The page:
US Pacific Commander Keeping Close Eye on Defense Department Funding Battle

The United States Naval Commander for the Pacific region expressed concern Sunday over the looming potential for automatic Defense Department funding cuts should the Congressional Super Committee fail to reach agreement.

"I know that it's shared broadly that sequester would be a rather Draconian approach to the problem and it would complicate the budgetary approaches that the Department of Defense is scoping right now considerably were it to occur," Admiral Robert F. Willard, Naval Commander of U.S. Pacific Command, told reporters gathered for the APEC summit in Honolulu.

In an attempt to force the Super Committee to come to agreement on how to cut at least $1.2 Trillion from the budget before its November 23rd deadline, President Obama has warned that across-the-board federal budget cuts will automatically be implemented should the committee fail.

When asked about any concerns the committee might want to cut too much from the Defense Department, Admiral Willard was not overly concerned, "[W]e're all very aware that we're coming off of a period of long term warfare for the country."

He added, "I mean we're eventually transitioning from two wars, and we're facing budgetary challenges as a nation that have to be addressed. So the Department of Defense realizing that, is scoping what the those outcomes may mean for the Department of Defense."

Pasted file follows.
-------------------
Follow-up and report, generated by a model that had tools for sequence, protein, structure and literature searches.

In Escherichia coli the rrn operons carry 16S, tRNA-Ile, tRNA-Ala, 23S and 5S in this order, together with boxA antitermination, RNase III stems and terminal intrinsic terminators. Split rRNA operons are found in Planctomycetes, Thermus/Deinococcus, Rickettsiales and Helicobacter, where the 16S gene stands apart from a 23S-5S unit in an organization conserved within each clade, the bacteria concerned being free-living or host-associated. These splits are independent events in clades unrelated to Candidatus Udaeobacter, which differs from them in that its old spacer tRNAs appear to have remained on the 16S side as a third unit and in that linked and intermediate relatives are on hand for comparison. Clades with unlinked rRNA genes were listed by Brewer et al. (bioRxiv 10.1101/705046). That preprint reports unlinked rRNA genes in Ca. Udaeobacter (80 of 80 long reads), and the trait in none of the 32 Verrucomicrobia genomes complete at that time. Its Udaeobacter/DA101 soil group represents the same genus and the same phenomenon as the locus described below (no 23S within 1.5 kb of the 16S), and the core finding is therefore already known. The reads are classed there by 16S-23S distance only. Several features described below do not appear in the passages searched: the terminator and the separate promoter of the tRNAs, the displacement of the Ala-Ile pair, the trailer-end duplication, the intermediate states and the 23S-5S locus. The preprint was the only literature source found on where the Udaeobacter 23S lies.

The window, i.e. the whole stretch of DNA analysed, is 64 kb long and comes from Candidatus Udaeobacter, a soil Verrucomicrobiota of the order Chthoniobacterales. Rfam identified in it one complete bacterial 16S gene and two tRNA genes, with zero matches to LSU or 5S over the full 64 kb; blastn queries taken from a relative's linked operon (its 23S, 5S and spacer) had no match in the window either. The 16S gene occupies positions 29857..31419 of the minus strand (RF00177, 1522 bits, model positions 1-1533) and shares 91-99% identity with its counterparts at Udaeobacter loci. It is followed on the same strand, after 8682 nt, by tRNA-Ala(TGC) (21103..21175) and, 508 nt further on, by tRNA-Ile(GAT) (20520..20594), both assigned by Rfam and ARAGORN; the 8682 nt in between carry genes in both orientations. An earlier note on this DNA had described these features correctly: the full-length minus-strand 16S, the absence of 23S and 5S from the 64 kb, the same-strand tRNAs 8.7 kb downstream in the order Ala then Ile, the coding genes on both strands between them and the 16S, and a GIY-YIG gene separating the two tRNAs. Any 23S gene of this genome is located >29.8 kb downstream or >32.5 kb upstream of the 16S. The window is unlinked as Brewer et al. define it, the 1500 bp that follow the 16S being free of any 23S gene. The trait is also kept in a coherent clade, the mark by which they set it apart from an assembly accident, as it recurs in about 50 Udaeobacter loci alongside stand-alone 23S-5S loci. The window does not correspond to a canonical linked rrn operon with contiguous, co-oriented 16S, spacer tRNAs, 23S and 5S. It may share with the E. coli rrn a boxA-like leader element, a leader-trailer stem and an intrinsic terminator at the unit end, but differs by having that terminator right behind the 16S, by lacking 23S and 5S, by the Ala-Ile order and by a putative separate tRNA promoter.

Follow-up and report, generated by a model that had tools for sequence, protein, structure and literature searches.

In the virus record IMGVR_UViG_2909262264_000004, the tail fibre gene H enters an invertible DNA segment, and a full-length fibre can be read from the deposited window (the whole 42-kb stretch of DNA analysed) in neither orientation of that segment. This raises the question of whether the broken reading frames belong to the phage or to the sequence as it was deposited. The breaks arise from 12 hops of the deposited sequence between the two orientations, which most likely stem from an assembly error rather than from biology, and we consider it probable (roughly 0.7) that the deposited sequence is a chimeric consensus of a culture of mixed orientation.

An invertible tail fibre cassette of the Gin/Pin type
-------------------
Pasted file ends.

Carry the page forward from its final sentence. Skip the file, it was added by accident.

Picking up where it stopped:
The president has been keeping his distance from Super Committee deliberations, but in a conversation with two of its members while making his way to Hawaii for the APEC summit this weekend, he told them the automatic budget cut trigger was non-negotiable.

Willard has confidence Washington will work this out. Over the course of two wars during his tenure, he said, the Defense Department has always had the tools it needed, "I have every confidence that in the decisions that our government makes, that our administration makes and that are made in the Pentagon, given the importance of this region to world and the importance of this region to the United States that Pacific Command will continue to be well served and able to carry out its mission of assurance and deterrence where required into the foreseeable future."